Re: Non-Technical Technical Writers

Subject: Re: Non-Technical Technical Writers
From: Max Wyss <prodok -at- PRODOK -dot- CH>
Date: Sun, 10 May 1998 11:11:20 +0200


of course, my answer was exaggerated, and I intended it to stir up some
dust <g>.

But I do remember one assignment I had, where all I had was the drawing of
a machinery part, and I was supposed to write its assembling/disassembling
instructions, and the specifications for the illustrator on what to include
in the explosion drawing. Main reason for that, the thing was not yet
build, and similar things were not available.

Developers/engineers ... not available. And when, then they had very little
time, so they needed the right questions to be asked.

It did finally work out, and that thing is now disassembled and reassembled

I fully agree with you about the direct contact. In fact, I often require a
direct contact even for translations (which are very often handled by
agencies, some of whom very actively shield the translator from their
client). Such a direct contact does indeed improve the resulting

Max Wyss
PRODOK Engineering AG
Technical documentation and translations, Electronic Publishing
CH-8906 Bonstetten, Switzerland

Fax: +41 1 700 20 37
e-mail: mailto:prodok -at- prodok -dot- ch or 100012 -dot- 44 -at- compuserve -dot- com

Bridging the Knowledge Gap


> Jason Willebeek-LeMair wrote:
> 1. Do you need to be an electrical engineer to tell someone how to use
>their VCR?
> 2. Do you need to be an expert in networking protocols and programming to
>explain to users how to use their e-mail programs?
> Max Wyss replied:
> 1. Yes, when all you get is a wiring diagram and a dump of the ROM.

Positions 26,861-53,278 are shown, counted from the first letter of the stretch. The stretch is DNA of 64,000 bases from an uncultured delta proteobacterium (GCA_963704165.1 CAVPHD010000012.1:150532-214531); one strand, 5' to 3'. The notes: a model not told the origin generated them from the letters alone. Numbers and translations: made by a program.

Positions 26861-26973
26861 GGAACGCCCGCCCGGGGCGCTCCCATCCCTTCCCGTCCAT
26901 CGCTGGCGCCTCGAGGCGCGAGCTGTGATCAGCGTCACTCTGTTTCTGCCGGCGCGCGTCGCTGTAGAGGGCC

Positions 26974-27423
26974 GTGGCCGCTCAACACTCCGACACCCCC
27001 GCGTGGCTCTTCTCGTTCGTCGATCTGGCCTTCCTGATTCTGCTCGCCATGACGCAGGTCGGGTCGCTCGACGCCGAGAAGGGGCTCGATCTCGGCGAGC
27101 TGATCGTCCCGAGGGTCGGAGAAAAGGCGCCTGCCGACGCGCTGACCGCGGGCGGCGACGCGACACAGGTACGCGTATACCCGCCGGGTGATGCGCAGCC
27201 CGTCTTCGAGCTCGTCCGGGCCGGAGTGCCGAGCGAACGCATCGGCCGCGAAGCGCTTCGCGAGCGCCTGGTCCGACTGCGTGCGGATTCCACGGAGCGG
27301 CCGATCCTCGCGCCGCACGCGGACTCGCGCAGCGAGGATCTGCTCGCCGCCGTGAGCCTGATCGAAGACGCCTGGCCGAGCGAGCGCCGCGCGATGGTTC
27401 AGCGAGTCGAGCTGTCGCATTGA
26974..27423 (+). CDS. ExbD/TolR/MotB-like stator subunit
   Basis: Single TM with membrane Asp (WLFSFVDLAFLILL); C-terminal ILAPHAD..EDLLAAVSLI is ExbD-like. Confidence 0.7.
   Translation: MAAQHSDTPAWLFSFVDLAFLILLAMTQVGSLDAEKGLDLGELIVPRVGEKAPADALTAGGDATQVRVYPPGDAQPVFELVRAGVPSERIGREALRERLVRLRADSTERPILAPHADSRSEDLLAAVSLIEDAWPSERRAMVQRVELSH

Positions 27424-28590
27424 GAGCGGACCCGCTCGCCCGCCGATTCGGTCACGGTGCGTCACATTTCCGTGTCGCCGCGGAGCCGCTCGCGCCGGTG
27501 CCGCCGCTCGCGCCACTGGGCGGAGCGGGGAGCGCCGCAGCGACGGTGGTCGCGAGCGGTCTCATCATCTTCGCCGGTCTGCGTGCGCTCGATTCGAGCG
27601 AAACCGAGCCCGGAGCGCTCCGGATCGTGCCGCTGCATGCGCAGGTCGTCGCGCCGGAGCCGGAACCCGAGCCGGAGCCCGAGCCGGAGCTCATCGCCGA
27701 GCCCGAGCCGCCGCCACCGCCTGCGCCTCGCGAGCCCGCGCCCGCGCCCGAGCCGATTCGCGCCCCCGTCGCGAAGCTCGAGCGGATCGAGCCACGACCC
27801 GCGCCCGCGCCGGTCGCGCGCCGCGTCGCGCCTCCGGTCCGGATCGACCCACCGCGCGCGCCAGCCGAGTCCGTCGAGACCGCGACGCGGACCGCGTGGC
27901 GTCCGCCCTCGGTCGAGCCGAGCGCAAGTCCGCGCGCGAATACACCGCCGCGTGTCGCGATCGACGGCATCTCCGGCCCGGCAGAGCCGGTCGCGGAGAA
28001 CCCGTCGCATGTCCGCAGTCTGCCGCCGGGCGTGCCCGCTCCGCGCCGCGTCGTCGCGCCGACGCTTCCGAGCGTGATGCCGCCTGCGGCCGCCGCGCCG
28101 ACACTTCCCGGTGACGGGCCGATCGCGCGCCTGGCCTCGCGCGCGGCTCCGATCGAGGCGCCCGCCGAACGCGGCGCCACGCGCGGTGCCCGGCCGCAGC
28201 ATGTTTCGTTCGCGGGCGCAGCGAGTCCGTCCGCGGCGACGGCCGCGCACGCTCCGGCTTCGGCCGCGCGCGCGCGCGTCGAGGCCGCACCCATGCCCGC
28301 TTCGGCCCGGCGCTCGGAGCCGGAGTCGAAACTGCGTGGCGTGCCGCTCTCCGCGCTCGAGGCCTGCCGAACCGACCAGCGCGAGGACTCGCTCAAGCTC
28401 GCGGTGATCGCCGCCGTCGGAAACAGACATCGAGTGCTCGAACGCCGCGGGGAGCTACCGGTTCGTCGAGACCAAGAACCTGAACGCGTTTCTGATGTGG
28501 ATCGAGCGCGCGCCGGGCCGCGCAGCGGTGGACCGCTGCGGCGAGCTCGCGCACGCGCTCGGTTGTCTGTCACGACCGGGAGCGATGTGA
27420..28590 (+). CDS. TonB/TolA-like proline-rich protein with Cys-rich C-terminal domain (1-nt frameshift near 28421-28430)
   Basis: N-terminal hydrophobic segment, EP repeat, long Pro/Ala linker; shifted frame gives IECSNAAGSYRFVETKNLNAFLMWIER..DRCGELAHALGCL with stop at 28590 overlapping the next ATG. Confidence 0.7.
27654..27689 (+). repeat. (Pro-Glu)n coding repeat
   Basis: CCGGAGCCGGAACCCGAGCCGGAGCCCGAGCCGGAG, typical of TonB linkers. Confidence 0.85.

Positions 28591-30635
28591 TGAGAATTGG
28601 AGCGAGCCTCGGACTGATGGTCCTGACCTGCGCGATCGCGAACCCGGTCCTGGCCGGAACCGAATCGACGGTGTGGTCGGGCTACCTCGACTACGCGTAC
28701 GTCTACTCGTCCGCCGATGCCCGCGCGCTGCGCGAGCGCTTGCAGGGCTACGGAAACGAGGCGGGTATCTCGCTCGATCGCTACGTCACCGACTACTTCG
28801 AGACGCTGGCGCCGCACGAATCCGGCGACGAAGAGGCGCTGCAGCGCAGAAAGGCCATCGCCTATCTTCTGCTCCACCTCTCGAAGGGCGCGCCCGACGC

> 2. Yes, when all you get is source code.
>If someone asks you to write instructions for a VCR and all you get is a
>wiring diagram and a dump of the ROM, you should explain to that person that
>you cannot do the job properly unless you get more information. Maybe
>somebody can find the Eject button by studying the diagrams for a day or so,
>but that is not very efficient. You must do whatever you can to contact the
>product developers and ask how it works. If nobody gives you more
>information, maybe, you should refuse the assignment (depending on the
>circumstances). This - too - is a part of a technical writer's job.
>Personally, I like the technical approach. I enjoy finding things out by
>myself, rather than asking somebody else. When I write online Help I am
>always tempted to go into the source code whenever I something is not
>immediately clear. Sometimes that works, but asking the programmer is
>usually better because:
>1. It is usually faster.
>2. You get extra information (for example: "That feature is designed to
>prevent this or that problem" or "That feature will be replaced in our next
>3. It helps keeping ongoing communication.
>4. You avoid the risk of misinterpreting the source code.
>5. I think it is the responsability of the product specialist to provide you
>with correct information. If you bypass the specialist, the mistake will be
>I am not totally against reading of the design diagrams or source codes.
>Technical knowledge can help. If you cannot get the right person, reading
>the source codes can be faster or more reliable than asking questions. You
>can use it for verification. Sometimes, it is all you've got.
>The point was illustrated by a teacher of mine (Jos van Graas). He showed us
>a bad example of technical writing in the form of a route description to a
>local company's office. The company's name and some other details were not
>legible on the photocopy we received. Our first homework assignment was to
>rewrite the route description. Most of us guessed the parts that were not
>legible and made beautiful maps with very clear descriptions. The next
>morning he told the class that all our products were incorrect or
>incomplete. When we argued he had not given us sufficient information, he
>reminded us that he did tell us to call him if there were any problems.
>Nobody had called him. Of course, he had pulled us a trick, but I'll never
>forget the lesson.
>Johan Lont
>Technical Author
>Baan Development BV

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